God wants us all to make it
God wants us all to make it home
Jesus passed through towns and villages, teaching as he went and making his way to Jerusalem. Someone asked him, "Lord, will only a few people be saved?" He answered them, "Strive to enter through the narrow gate, for many, I tell you, will attempt to enter but will not be strong enough. After the master of the house has arisen and locked the door, then will you stand outside knocking and saying, 'Lord, open the door for us.' He will say to you in reply, 'I do not know where you are from. And you will say, 'We ate and drank in your company and you taught in our streets.' Then he will say to you, 'I do not know where you are from. Depart from me, all you evildoers!' And there will be wailing and grinding of teeth when you see Abraham, Isaac, and Jacob and all the prophets in the kingdom of God and you yourselves cast out. And people will come from the east and the west and from the north and the south and will recline at table in the kingdom of God. For behold, some are last who will be first, and some are first who will be last."
God wants us all to make it home
Ernest Shackelton led an early expedition to the South Pole. His hope was to be the first to reach the South Pole. He missed this first when Roald Amundsen led an expedition in 1911 to the South Pole. Then, it became Shackelton’s goal to cross the Antarctic. He led a group of men and dogs on the ship called the Endurance.
January 18, 1915, the Endurance became trapped in the ice. The dream of crossing the Antarctic slipped away, as Shackleton’s new goal became to get everyone back home. They decided to winter on the ship. 10 months later, they had to abandon ship and set up camp on the ice. 25 days later, the ship would be claimed by the sea.
Ice floes moved the camp towards Clarence and Elephant Island until they launched out on the lifeboats on April 9, 1916. April 15, they arrived at Elephant Island. They were treading solid ground for the first time in 497 days.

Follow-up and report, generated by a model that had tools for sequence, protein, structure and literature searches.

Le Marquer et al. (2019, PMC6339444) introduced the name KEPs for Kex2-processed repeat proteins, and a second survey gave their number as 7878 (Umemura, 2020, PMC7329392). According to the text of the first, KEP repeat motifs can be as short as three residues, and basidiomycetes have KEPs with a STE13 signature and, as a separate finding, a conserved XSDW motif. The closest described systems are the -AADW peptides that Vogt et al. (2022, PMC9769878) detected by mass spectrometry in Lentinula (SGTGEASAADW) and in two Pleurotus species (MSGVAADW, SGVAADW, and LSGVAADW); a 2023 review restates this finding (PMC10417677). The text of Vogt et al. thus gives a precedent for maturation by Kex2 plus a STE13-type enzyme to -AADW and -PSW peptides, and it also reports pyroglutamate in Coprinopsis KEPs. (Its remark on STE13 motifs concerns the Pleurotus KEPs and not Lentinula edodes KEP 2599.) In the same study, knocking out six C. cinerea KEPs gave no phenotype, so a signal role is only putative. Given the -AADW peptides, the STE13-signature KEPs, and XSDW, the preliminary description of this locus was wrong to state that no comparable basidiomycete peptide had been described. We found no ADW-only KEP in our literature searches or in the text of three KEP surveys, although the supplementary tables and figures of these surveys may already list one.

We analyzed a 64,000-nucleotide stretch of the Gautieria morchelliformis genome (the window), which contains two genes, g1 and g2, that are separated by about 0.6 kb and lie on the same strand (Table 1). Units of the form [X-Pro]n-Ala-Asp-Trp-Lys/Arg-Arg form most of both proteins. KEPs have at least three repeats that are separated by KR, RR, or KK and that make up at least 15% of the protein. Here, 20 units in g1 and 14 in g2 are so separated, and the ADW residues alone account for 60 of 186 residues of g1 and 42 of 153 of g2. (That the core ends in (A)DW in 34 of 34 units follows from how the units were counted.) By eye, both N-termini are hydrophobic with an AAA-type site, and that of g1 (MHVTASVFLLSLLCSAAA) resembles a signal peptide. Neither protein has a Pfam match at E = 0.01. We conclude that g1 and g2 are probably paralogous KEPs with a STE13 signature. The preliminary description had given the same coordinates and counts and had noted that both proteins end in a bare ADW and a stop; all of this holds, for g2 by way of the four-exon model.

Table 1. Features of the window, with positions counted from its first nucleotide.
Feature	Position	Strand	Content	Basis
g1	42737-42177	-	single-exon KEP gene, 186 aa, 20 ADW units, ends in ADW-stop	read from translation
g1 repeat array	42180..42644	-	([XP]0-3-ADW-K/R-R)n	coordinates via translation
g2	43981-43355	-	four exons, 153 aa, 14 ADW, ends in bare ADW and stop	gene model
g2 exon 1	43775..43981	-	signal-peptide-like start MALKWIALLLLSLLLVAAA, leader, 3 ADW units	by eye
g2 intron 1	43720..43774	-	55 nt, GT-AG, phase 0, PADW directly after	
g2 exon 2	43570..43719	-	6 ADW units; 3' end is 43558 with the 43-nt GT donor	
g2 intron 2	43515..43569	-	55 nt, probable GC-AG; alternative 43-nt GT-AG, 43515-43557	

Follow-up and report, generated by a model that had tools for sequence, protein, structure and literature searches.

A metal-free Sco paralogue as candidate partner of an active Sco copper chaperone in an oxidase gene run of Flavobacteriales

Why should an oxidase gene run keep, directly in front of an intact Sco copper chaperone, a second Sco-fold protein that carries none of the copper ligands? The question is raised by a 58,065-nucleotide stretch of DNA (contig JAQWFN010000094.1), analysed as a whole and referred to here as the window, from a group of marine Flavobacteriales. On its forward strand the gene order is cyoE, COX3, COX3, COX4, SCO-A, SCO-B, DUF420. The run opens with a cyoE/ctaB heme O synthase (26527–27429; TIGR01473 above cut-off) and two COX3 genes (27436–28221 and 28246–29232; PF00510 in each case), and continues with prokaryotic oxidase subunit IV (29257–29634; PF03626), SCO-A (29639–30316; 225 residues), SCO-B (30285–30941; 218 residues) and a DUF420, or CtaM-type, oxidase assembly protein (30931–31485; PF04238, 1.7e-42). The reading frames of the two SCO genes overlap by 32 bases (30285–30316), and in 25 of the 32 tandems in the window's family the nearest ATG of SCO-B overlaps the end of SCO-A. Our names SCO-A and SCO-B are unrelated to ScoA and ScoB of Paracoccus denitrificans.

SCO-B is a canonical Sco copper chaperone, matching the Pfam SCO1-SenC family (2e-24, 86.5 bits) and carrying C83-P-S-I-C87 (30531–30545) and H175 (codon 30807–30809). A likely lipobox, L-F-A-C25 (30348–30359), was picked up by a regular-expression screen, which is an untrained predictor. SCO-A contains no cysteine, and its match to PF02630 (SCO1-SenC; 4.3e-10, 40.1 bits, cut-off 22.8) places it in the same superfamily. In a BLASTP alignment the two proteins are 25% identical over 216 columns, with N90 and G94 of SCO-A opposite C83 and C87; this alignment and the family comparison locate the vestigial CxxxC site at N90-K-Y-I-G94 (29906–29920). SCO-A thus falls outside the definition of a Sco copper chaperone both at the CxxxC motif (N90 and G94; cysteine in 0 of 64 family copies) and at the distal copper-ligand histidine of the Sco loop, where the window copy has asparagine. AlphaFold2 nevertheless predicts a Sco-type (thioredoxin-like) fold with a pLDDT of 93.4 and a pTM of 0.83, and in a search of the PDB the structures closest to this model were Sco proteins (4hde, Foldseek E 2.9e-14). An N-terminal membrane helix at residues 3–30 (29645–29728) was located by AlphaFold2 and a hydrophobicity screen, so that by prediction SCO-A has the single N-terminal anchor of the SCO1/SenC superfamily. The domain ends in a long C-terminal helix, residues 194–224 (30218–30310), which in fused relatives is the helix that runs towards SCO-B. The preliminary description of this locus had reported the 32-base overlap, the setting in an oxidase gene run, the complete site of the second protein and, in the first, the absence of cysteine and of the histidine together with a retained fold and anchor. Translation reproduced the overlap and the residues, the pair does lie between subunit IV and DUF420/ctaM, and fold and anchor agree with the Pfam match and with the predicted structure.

They were still not rescued. Shackleton gathered up a small group and headed 800 miles to a whaling station on South Georgia island. 16 days later, they finally found help and returned to rescue the rest of the crew marooned on Elephant Island. All the officers and crew had been saved. They were all able to make it home. Shackelton had made it his life mission to bring his men home.
God wants us all to make it home. In today’s Gospel, Jesus tells us to strive to enter through the narrow gate.
Will only a few be saved?
Many will attempt to enter but will not be strong enough. Will only a few people be saved? What should be our attitude as Catholics toward the theme of salvation?
First off, let’s look at God’s attitude toward salvation. We find it in the Creed. “For us men and for our salvation, he came down from heaven: by the power of the Holy Spirit he became incarnate of the Virgin Mary, and became man.” God wants to save us. Just as Ernest Shackelton never gave up in his endeavor to save the men of his crew, God never gives up on us. He is willing to do the possible and the impossible to save us from eternal damnation.
Secondly, we know as Catholics that salvation is not a sure thing.
According to the Christian faith, “redemption”—salvation—is not simply a given. Redemption is offered to us in the sense that we have been given hope, trustworthy hope, by virtue of which we can face our present: the present, even if it is arduous, can be lived and accepted if it leads towards a goal, if we can be sure of this goal, and if this goal is great enough to justify the effort of the journey. (Pope Benedict XVI, Spe Salvi, 1)
Thus, in today’s Gospel, we hear the exhortation of Jesus to strive to enter through the narrow gate. He wants us to put the best of ourselves into seeking salvation. It may be arduous, but it is possible. God wants us to have hope. The fundamental attitude of a Catholic towards salvation is hope.
his leads us to the third aspect to consider, that as Catholics we are called to a great hope in salvation. There are so many false redeemers and false saviors in our modern world. We are afraid of destitution, of poverty, and of loneliness. The world offers many substitutes for redemption, promising guarantees against destitution, poverty, and loneliness, but they are always a lie. Hope in Jesus Christ ensures against the vicissitudes of life.
Keep trying! It’s worth it!
Strive to enter through the narrow gate! Yes, but not as if we are frightened children afraid of a cruel father. Rather, we should be rushing through the gate as if we are entering Disneyland, looking forward to all the marvelous creations waiting for us. Heaven is infinitely better than Disneyland, and God wants us to make it home.